A short drive to the east from the busy touristy village of John O’Groats, there’s a short yet spectacular coastal walk along the far north-eastern tip of Scotland. On a clear day, magnificent views as far as the Orkneys await those who venture out along the three-mile (there-and-back) clifftop walk. You may even delight in finding yourself alone there, as I was when I scouted this location for a photography tour.
Although this walk could be completed in little over an hour, I’d recommend taking several hours. Park at the lighthouse and follow the signs south to the Stacks of Duncansby, sticking as close to the cliff edge as possible for the best views of these wonderful sea stack formations standing proud in the North Sea. Along the way, keep an eye out for the seabird colonies and seals that frequent the area.
The grassy path can be boggy in places, and the occasional duckboards can be slippery. For the adventurous, there’s also a steep and sometimes slippery path that leads down to the rocky shore. Once you’ve walked beyond the last stack, I suggest that you stay awhile, enjoy the views, and take in some of Scotland’s finest fresh sea air.
Ideally, aim to walk this route starting just before dawn with a clear horizon over the sea. Early light illuminating the cliffs and turbulent seas will add to the atmosphere in this stunningly beautiful setting. This is both a walker’s and photographer’s paradise. I plan to return here many times in years to come.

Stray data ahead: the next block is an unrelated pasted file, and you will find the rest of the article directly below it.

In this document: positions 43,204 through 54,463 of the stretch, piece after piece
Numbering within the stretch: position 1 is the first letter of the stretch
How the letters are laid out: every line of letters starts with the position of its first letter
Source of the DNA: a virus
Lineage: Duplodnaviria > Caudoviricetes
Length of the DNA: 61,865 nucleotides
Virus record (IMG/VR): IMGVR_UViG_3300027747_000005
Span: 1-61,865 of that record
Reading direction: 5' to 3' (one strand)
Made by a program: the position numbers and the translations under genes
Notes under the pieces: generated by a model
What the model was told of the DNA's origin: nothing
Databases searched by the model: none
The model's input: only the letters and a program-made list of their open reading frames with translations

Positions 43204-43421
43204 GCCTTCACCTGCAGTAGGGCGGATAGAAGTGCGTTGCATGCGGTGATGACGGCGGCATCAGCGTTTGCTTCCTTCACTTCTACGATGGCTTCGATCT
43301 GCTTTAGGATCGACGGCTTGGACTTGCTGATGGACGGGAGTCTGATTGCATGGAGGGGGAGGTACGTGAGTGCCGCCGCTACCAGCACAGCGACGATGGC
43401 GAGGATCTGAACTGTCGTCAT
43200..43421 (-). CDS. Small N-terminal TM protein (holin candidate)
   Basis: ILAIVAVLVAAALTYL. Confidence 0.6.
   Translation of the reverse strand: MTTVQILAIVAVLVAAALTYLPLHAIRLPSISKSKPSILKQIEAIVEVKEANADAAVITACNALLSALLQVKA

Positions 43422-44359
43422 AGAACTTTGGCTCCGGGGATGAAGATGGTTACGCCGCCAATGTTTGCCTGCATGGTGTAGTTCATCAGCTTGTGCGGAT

The Isle of Muck is the smallest of the Small Isles, a tiny archipelago of islands in the Inner Hebrides off Scotland’s west coast, which includes Canna, Eigg and Rum. It is one of the most peaceful places on earth. Spending an afternoon there is like re-entering the real world.
I visit this island every June, landing at Gallanach on the north coast where ponies, cattle and sheep can be found on the white sandy beach, grazing on seaweed and sweet machair grasses. The piping calls of oyster-catchers echo around the bay.
Measuring one mile long, the walk is simple – though getting there is less so. Follow the road to Port Mor on the south side of the island: there is only one road. It is fringed with meadows full of flowers from which the rasping calls of corncrakes can often be heard. Larks and pipits provide a higher stratum of sound as they hover in the clear blue sky.
There is a wonderful tea shop at Port Mor, and an attractive harbour. It’s all completely relaxing.
Light & Land run photography holidays and workshops across the UK and worldwide, to destinations such as Italy, Norway, Kyrgyzstan, Albania and Namibia. The trips are guided by Charlie Waite and other photographers, including Joe Cornish, Doug Chinnery and Phil Malpas. See lightandland.co.uk for details.
The company is celebrating their 25th anniversary in 2018 with an exhibition, Evolving Landscapes, at the OXO Gallery on London’s Southbank from July 18-22, featuring photos by Charlie Waite and other Light & Land photographers including Joe Cornish, Antony Spencer, Sue Bishop and more. See lightandland.co.uk/25-year-anniversary for details.